“Why shouldn’t you, Mr Greenwald, be charged with a crime?”
The question was directed at Glenn Greenwald, the American journalist who broke the story of NSA surveillance using material provided by on-the-lam leaker Edward Snowden. The person grilling Greenwald wasn’t a government prosecutor or a frustrated member of the intelligence community. It was David Gregory, host of NBC’s Sunday morning political talk show Meet the Press.
The show, conceived as a regular forum for holding government officials accountable to the media, long ago devolved into a forum for politicians to field softball questions and dole out talking points. So it was a remarkable moment when Gregory found his spine. Less heartening? That he found it not when facing down a powerful politico but rather a fellow member of the fourth estate.
Since the NSA surveillance story broke in June, several members of the media like Gregory have focused fire on journalists and whistleblowers rather than the government programs that Greenwald and reporters for the Washington Post revealed. In doing so, they have sparked a debate about journalists and their role in a democracy. They have also revealed that the relationship between the press and the powerful is often more accommodating than adversarial.
The uproar began when Greenwald and the Washington Post revealed government surveillance programs using information gained from Snowden, who had been working for the NSA since 2009. Americans were appalled to learn that the Obama administration seemingly had access to everything from email to Facebook to phone records. Sales of George Orwell’s dystopian novel 1984 soared.
In response, president Obama came out in defense of his programs. “You can’t have 100% security and also have 100% privacy and zero inconvenience,” he argued. “We’re going to have to make some choices as a society.” His deputy press secretary Josh Earnest added: “the president welcomes a discussion of the tradeoffs between security and civil liberties”.
When it comes to that debate, a considerable number of American journalists have come out more strongly for security than for press freedoms. One strategy has been to redefine who qualifies as a journalist. Gregory told Greenwald that “the question of who’s a journalist may be up to a debate with regard to what you’re doing”. A writer at the Telegraph newspaper excoriated Greenwald for “blurring the line between opinion pieces and straight reporting”.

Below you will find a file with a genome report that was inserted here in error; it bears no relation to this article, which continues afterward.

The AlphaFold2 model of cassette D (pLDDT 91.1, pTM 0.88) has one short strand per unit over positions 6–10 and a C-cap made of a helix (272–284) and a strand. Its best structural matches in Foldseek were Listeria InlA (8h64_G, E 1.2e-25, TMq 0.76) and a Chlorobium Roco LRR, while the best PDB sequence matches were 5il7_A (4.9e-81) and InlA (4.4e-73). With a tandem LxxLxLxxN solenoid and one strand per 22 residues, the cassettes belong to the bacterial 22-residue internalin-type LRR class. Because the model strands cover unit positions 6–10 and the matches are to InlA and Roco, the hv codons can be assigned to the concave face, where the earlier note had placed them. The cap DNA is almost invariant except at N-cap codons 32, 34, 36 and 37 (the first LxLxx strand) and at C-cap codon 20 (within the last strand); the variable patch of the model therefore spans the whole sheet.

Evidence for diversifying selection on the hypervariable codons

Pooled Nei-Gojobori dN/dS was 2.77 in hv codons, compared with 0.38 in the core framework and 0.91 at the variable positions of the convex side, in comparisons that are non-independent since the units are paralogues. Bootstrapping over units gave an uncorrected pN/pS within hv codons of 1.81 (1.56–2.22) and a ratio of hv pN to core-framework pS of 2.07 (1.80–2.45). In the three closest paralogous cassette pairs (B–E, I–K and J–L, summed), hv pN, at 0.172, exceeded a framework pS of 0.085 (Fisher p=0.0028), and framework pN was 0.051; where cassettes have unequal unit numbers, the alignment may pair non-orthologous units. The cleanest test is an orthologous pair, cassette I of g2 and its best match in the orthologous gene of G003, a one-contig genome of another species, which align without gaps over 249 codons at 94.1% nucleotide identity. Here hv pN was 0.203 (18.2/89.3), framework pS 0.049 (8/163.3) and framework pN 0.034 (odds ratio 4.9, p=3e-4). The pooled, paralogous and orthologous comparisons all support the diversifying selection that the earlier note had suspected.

While this has opened up an intriguing discussion in the US about what journalists do, the attempt to define people like Greenwald as non-journalists has real consequences. Press protections, which are substantial in the United States, don’t cover activists. The media shield laws for which Obama advocated in response to outcry over his surveillance programs, for instance, only cover members of the press.
In a time when media are rapidly changing – when the people breaking news are not just employees of august print publications but bloggers and tweeters – journalists should be pushing for broad definitions of their craft to ensure press protections remain robust and inviolable.
This is particularly important not just because of the swiftly shifting media landscape but because of the expanding powers of the government. In addition to new technologies for surveillance, the Obama administration has developed new legal protections for an extensive security state.
The Obama administration has also aggressively prosecuted anyone who divulges classified information. The Espionage Act, a relic of the World War One era used only three times since the end of that war, has now been invoked seven times in five years by the administration in its pursuit of leakers and whistleblowers.
Given the government’s attempts to lock down information, journalists are forced to pick sides. And many are siding with the administration to protect the national security state. A writer for Salon labelled this group “Journalists Against Journalism”. He listed not only Gregory and New York Times columnist David Brooks, but the editorial page of the Washington Post. The Post joined the “Journalist Against Journalism” ranks when it declared last Tuesday that “the first U.S. priority should be to prevent Mr Snowden from leaking information” beyond what he has already shared.
That stance is odd for two reasons. First, the Washington Post itself scored a major scoop based on Snowden’s documents. Also, 40 years ago the Post ran some of the most important leak-based journalism in American history: Bob Woodward and Carl Bernstein’s account of the Watergate break-in and cover-up. For the Post to now be railing against stories built on “stolen” information and leaks shows how deeply implicated major American media have become in protecting the national security state.
Barack Obama was right when he said there should be a debate about the balance between liberty and security. Press freedoms are at the very heart of that discussion. The institutional checks and balances on the security state barely function. A secret court rubber stamps warrant requests. Congressional overseers are often disengaged. When they do pay attention, the intelligence sector has proven quite willing to lie to them.
In such an atmosphere, a free press willing to challenge and chasten the government without fear of recriminations is vital. Journalists like Gregory have a right to disagree with Greenwald. But they also have a responsibility to defend his right to practice journalism.
Nicole Hemmer is a Visiting Assistant Professor at the University of Miami and a Research Associate at the University of Sydney. She does not work for, consult to, own shares in or receive funding from any company or organisation that would benefit from this article, and has no relevant affiliations. This article was originally published at The Conversation. Read the original article.